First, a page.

There are certain situations to be dealt with when a couple decides to get a divorce or an annulment, the most common being the proceedings for child custody, which only applies to the couple’s child/children under the age of eighteen. Child custody is the different aspects of guardianship that a court grants to the parents of the children. In almost all child custody cases under the United States law, the aim of granting custody to the more able parent is to provide the best possible life and well-being to the child/children after the separation of the parents. The Huffington Post suggests that before embarking on a custody dispute, remember that this should not be about you or the other parent, but what is in the best interests of your children.
According to the website of Arenson Law Group, P.C. in Cedar Rapids, child custody is essentially the hardest aspect of a separation since children are the most important shared part of the union. There are two kinds of child custody—legal and physical. Legal custody pertains to the right of the parent to decide about the needs of the child, such as education, health care, and even day-to-day decisions to the benefit of the child. Physical custody, on the other hand, is a matter of housing situation where the child lives with one parent most of the time, with the other parent possibly granted visitation or no visitation at all, depending on the severity of the case. However, the same degree of rights may be granted to both parents.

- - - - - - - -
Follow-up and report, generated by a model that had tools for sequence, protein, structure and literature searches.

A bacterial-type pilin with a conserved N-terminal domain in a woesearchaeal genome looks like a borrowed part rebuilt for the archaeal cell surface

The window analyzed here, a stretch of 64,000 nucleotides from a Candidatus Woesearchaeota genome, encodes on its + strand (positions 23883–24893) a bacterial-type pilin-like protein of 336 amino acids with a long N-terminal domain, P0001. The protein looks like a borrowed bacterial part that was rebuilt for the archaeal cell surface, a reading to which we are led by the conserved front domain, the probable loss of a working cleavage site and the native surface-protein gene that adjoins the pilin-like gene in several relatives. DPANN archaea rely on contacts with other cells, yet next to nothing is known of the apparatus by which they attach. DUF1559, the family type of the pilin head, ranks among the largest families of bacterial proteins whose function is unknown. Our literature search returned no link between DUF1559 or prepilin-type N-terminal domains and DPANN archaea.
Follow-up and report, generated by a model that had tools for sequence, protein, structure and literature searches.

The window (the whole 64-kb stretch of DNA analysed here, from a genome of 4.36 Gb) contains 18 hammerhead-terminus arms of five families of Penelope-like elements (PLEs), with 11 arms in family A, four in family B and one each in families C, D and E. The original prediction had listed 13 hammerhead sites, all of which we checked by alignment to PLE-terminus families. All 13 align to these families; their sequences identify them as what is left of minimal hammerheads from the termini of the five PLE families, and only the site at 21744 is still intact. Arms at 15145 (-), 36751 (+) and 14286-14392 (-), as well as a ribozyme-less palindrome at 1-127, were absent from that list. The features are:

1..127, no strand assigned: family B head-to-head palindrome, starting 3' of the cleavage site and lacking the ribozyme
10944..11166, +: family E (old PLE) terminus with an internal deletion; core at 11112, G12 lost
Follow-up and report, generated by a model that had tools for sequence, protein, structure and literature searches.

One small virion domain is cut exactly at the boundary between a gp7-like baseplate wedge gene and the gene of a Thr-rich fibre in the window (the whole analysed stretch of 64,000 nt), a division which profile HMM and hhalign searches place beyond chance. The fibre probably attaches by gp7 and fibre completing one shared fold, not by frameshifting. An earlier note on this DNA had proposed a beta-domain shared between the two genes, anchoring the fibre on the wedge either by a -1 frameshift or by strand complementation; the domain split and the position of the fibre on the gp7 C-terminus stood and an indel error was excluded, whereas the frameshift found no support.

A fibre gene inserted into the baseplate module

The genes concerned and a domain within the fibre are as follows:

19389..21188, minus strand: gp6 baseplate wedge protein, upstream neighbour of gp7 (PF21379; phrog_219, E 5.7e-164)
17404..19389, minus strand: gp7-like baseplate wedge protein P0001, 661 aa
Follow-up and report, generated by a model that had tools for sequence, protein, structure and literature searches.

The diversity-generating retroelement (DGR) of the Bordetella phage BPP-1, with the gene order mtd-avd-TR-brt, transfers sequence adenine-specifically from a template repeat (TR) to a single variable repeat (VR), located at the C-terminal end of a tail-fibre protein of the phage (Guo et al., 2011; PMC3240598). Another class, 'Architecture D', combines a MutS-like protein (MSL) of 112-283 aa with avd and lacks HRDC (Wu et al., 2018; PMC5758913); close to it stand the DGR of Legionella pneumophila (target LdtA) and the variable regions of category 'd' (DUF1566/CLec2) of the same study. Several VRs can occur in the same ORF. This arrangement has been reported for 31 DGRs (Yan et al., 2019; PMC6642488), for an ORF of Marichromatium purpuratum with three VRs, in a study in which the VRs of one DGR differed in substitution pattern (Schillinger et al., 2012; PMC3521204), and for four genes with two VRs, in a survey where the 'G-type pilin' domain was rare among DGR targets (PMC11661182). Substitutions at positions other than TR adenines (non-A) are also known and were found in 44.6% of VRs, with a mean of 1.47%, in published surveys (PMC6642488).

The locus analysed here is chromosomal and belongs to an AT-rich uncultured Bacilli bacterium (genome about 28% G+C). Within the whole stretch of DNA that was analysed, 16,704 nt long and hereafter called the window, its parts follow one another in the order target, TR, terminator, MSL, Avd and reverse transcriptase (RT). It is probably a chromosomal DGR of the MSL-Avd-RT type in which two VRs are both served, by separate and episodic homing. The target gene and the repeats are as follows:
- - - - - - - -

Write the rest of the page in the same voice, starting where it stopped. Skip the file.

Legal and physical custodies are subjected to either joint or sole. Joint custody means that both parents of the child are entitled to the guardianship equally, and it could be joint legal custody or/and joint physical custody. Sole custody is simply the other side of the case, where one parent has more rights to the child’s guardianship than the other parent, and it also applies to both legal and physical custodies. The proceedings for child custodies are under the jurisdiction of family courts.